So Madison, often called “The Father of the Constitution,” believed that there are unenumerated rights as well! If there is any difficulty, it would arise from determining what those rights are...a process that would begin when one of them is attacked by the State.

     That is our starting point.


     A deadly phrase that appears in many Supreme Court opinions, liberty interest, is the first tool with which to explore this subject. “Interests” are many and varied. Moreover, not everyone has the same ones. What, exactly, is a liberty interest? Is it a right, an ideal, or a vague desideratum not everyone shares?

     Before following that track, consider that in many of the SCOTUS decisions that include that phrase, it’s counterpoised against another, even deadlier phrase: compelling government interest. Another interest! And this one is attributed to a government, an abstract agent to which certain duties have been attached, with certain powers delegated for their discharge. But an agent qua agent cannot have interests; it can only have designated duties and delegated authorities.

     These phrases have created ambiguity in judicial language, and therefore in judicial thought. Yet both are beloved of federal appellate courts, for they enable those courts to rule on matters far from their proper jurisdiction.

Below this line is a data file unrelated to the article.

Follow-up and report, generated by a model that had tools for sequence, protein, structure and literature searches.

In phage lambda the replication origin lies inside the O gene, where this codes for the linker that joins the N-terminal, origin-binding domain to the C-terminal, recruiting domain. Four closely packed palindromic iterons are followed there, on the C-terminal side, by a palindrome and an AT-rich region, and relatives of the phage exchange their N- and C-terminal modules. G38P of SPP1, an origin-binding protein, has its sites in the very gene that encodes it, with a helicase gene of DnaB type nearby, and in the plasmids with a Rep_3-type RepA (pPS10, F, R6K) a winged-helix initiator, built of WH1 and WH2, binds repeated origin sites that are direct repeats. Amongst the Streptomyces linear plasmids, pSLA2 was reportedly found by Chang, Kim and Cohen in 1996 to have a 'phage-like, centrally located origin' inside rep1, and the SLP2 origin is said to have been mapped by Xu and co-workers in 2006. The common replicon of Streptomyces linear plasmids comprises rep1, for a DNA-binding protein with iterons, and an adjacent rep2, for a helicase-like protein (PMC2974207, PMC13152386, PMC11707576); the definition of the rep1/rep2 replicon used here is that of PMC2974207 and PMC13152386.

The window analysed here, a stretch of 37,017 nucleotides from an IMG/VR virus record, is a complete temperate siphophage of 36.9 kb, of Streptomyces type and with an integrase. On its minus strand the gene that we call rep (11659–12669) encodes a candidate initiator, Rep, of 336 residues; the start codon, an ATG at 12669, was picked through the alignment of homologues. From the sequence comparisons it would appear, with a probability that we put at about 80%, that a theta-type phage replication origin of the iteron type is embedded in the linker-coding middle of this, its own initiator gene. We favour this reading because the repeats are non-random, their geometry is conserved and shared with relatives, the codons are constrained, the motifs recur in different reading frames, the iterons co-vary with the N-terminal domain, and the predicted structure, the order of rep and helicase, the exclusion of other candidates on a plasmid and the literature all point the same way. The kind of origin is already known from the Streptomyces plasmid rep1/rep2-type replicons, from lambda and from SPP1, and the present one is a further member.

Does it strike you as at all indicative of the tenor of our times, Gentle Reader, that on nearly every occasion when “liberty interest” and “compelling government interest” appear in the same decision, the decision grants additional powers to governments?


     Madison’s preferred wording of the Ninth Amendment, once again:

     The exceptions here or elsewhere in the constitution, made in favor of particular rights, shall not be so construed as to diminish the just importance of other rights retained by the people; or as to enlarge the powers delegated by the constitution; but either as actual limitations of such powers, or as inserted merely for greater caution.